With a lack of certainty for debtors and trustees resulting from the earlier cases, the judgment of the Supreme Court in Dooneen Ltd (t/a McGinness Associates) and another v Mond on this point was eagerly awaited following the appeal being heard by five Supreme Court Justices on 3 July 2018.
The judgment (https://www.supremecourt.uk/cases/docs/uksc-2016-0218-judgment.pdf ) has now been issued and confirms that a trustee is not entitled to assets discovered after a final distribution has been made in terms of a trust deed and a trustee discharged, and that any such assets belong to the debtor.
Mr Davidson entered into a trust deed on 29 September 2006 and Mr Mond was appointed as trustee. The creditor claims exceeded the known estate and creditors were ultimately paid a divided of 22.41 pence in the pound. The trustee was discharged in November 2010.
What was unknown to the trustee, and to Mr Davidson, during the period of the trust deed was that prior to entering into the trust deed Mr Davidson had been mis-sold PPI in connection with various loans. Following his discharge, Mr Davidson became aware that he may be entitled to claim compensation for the mis-selling of PPI. He appointed Dooneen Ltd to pursue his claim and assigned 30% of the value of any compensation he may receive to them. Mr Davidson was awarded compensation of around £56,000.
The trustee claimed that the right to compensation had vested in him as part of the estate subject to the trust deed and remained vested in him as trustee. Dooneen and Mr Davidson disagreed and claimed that as both Mr Davidson and the trustee had been discharged, the compensation belonged to Mr Davidson with 30% going to Dooneen.
The Court of Session found in favour of Dooneen and Mr Davidson in deciding that the trustee was not entitled to the compensation payment. This decision was upheld by the Inner House of the Court of Session on appeal. The trustee appealed to the Supreme Court.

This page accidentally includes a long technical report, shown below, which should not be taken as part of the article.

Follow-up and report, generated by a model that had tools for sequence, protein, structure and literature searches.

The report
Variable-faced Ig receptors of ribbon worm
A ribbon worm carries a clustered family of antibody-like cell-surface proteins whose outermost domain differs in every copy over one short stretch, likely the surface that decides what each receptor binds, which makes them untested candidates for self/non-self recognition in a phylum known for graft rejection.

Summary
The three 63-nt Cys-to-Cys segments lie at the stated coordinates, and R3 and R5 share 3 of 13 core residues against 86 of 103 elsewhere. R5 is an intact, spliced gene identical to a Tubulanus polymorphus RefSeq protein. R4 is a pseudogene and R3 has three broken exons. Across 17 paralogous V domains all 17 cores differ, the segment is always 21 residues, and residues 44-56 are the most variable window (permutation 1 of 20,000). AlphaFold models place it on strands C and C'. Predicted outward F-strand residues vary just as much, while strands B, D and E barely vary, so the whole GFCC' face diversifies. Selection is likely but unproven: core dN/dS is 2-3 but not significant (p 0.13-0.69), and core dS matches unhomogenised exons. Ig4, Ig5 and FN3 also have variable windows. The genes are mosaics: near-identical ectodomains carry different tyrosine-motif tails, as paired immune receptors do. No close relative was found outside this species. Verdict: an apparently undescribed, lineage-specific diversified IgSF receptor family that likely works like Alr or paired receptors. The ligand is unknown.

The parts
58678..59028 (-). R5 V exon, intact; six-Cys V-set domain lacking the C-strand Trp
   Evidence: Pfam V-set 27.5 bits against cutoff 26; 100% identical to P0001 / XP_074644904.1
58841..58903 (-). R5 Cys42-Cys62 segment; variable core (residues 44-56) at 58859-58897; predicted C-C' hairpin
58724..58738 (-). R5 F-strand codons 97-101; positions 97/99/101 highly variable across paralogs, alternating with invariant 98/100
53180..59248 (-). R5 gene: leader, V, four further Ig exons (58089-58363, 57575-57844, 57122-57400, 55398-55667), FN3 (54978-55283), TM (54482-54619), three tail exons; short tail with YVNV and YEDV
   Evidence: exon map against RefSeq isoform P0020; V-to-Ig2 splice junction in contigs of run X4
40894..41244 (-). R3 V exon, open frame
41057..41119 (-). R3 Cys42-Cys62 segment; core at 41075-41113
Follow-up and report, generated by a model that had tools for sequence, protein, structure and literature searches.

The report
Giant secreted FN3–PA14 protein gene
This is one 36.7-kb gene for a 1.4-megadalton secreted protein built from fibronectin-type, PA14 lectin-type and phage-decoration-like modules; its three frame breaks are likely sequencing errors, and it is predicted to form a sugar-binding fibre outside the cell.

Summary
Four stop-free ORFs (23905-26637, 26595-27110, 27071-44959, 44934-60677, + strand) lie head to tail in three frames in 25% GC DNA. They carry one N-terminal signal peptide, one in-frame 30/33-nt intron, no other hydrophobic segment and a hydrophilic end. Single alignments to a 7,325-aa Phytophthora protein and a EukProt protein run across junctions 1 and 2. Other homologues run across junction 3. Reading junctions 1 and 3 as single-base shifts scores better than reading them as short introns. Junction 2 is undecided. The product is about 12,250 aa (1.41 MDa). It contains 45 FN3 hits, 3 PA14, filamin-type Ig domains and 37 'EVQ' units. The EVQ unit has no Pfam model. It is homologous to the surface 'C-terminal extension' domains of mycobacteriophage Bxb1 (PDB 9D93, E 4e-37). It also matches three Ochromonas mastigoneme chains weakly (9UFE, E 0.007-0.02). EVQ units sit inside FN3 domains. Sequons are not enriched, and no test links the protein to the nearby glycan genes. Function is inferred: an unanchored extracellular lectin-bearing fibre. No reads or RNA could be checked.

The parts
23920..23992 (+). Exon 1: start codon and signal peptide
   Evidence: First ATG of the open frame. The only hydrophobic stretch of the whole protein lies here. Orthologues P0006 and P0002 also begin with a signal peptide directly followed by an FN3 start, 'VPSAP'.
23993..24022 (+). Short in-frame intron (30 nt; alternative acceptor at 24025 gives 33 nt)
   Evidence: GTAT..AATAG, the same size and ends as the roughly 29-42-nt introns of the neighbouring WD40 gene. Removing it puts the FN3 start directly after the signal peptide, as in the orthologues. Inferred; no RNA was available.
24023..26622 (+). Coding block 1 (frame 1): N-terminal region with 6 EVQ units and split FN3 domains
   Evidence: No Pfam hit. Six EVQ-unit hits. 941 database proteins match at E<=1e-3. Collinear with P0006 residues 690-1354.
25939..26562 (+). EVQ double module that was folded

Decision of the Supreme Court
Dooneen and Mr Davidson accepted that the right to the compensation formed part of the estate transferred to the trustee but that the trustee’s right to it ended when the final distribution was made by the trustee and the trust deed came to an end. The trustee argued that there was no final distribution as the distribution could only be final when either all assets are distributed or enough assets are distributed to pay all creditors in full.
The Supreme Court’s judgment was delivered by Lord Reed with whom the other four justices agreed. The Supreme Court upheld the decision of the Inner House as to the construction of the trust deed and finding that the trustee was not entitled to the compensation but rather that Mr Davidson and Dooneen were entitled to the compensation.
The court held that, in terms of the trust deed, the ‘final distribution’ and ‘final dividend’ are determined by the trustee and that if a final distribution could not be relied on as being final, this could have various unintended consequences including that:
- there would be no clarity as to when a final distribution has been paid meaning that the trust deed could effectively last indefinitely;
- there would be no certainty as to whether the trust deed had terminated or not meaning that the debtor would not know whether they had been discharged from their debts which could also pose problems for anyone wishing to do business with the debtor; and
- the Register of Insolvencies could be inaccurate if certificates confirming that a final distribution has been made are lodged by trustees but cannot be considered accurate as the distribution is only final subject to no further assets coming to light.
Interestingly, Lord Reed commented that the fact that an asset which vested in the trustee and should have been paid to creditors will in fact be paid to the debtor ‘is scarcely a satisfactory outcome’ and questioned whether the acts of the trustee in making the final distribution could be reduced if they were the result of an error as to the extent of the trust estate. However, despite the court requesting submissions on this point, no submissions were made by the parties and the court did not consider this question further.
Undoubtedly this judgment offers welcome clarity for debtors and trustees where assets are discovered following the discharge of a trustee. However, given that the question of whether the acts of the trustee in making the final distribution could be reduced has been raised by the court, it may be that it's just a matter of time before this point comes before the courts.